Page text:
Representative democracies need organized groups to encompass divergent opinion and function effectively. Responsible conservative parties are part of this spectrum. The present-day Republican Party is neither responsible nor conservative, but a clique devoted to winning and holding power by any means necessary. It is incompatible with democratic government as repeatedly demonstrated, and its submission to Trump over the past four years has assured that it will not reform itself. Nor is this simply a consequence of Trump himself. Republicans have recognized themselves as a minority party since the New Deal, understanding that their only reliable route to power is by gaming the political system by any means available: gerrymandering electoral districts, stacking the courts and dog-whistling racism.
Democrats have not been above these tactics, but they have depended less on them. Republicans, at this point, cannot exist without them. Now they have crossed the red line between partisanship and chicanery to the embrace of a demagogue who rejected the fundamental tenet of a democratic system: accepting the outcome of a free election. What this means, if Biden and the Democrats expect to deal with the multiple crises confronting the country, is to enforce majority rule by all procedural means at their disposal. This means governing more through a ministerial than a presidential system, in which the majority party enacts its agenda without compromise or concession. Roosevelt was able to do this through large Congressional majorities and by bludgeoning a reactionary Supreme Court when it attempted to oppose him.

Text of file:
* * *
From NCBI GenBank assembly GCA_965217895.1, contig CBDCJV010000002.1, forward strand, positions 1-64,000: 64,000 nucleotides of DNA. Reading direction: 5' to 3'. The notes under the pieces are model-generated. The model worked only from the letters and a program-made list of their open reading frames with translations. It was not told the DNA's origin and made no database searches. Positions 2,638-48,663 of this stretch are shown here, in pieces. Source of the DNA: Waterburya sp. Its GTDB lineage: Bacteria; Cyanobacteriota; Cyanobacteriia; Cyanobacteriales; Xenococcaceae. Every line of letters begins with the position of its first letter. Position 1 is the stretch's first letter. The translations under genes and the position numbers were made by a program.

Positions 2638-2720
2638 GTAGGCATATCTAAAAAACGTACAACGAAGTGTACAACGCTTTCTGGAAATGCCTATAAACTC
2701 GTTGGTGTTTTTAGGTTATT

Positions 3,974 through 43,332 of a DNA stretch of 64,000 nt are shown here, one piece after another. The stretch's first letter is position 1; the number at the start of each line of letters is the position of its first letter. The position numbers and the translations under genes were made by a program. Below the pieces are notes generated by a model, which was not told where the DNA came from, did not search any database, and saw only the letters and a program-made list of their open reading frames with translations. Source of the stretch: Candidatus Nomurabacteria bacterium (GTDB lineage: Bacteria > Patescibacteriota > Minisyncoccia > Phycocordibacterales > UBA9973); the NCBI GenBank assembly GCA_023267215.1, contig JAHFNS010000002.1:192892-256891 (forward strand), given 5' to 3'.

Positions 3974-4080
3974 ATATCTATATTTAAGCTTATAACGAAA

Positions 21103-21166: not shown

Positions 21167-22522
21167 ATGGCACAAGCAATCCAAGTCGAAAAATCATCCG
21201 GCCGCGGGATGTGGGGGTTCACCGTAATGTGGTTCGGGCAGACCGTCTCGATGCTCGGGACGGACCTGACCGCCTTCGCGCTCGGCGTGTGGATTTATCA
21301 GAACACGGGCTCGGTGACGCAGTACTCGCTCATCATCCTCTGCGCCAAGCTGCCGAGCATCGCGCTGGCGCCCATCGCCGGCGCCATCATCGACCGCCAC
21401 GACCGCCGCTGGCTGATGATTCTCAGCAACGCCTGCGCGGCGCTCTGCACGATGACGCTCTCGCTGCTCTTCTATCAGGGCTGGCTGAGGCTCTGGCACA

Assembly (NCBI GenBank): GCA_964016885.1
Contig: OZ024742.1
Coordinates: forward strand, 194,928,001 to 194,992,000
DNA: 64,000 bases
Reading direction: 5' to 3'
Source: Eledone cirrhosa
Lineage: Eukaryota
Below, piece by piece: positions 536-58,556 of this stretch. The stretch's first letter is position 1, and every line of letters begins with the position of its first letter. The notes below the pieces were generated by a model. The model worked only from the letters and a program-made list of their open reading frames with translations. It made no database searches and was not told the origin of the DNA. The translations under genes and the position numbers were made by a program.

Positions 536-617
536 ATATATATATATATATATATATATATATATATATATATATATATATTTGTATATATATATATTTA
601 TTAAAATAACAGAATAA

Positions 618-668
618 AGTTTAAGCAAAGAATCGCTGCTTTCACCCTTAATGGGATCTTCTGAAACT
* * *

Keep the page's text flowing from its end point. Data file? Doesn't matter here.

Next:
The ministerial system, such as that in Canada and Britain, has its own system of checks and balances on an errant executive when necessary. This is far less the case with us, and, under less pressing circumstances, the last thing I would wish to see is a more powerful and less accountable presidency. But I don’t see much of a choice here, at least under present conditions. An opposition party that continues to question the legitimacy of an elected president and whose guiding principle is obstruction is not a participant in responsible government. In fact, with a Congress now more than three weeks in session, McConnell has not yet yielded Senate committee majorities to the victorious opposition.
If the Democrats expect to govern, they’d better snap to it. I thought the GOP was finished after the disastrous presidency of George W. Bush, which started with a judicially upended election and finished with two failed wars and the first major depression since the 1930s. So did Republicans, many of whom expected a generation or more in the wilderness.
They clawed their way back, winning the House of Representatives within two years, the Senate in six, and the White House — in another election, like that of Bush, tainted by a minority popular vote — in eight. Then, Vice President Biden was tasked with gaining bipartisan support for Barack Obama’s signature legislative effort, the Affordable Care Act. He spent a year on this, making one concession after another, and failed to win a single Republican vote in either chamber of Congress.
This is the same Joe Biden who thinks he can play ball now with the same Mitch McConnell. Heaven help him (and us) if he seriously thinks that is possible. Biden has been urged in the media to be “Rooseveltian” in the present crisis. That means not only to come up with big ideas to deal with big problems. It means using the powers of his office, emergency ones if necessary, to put them into action.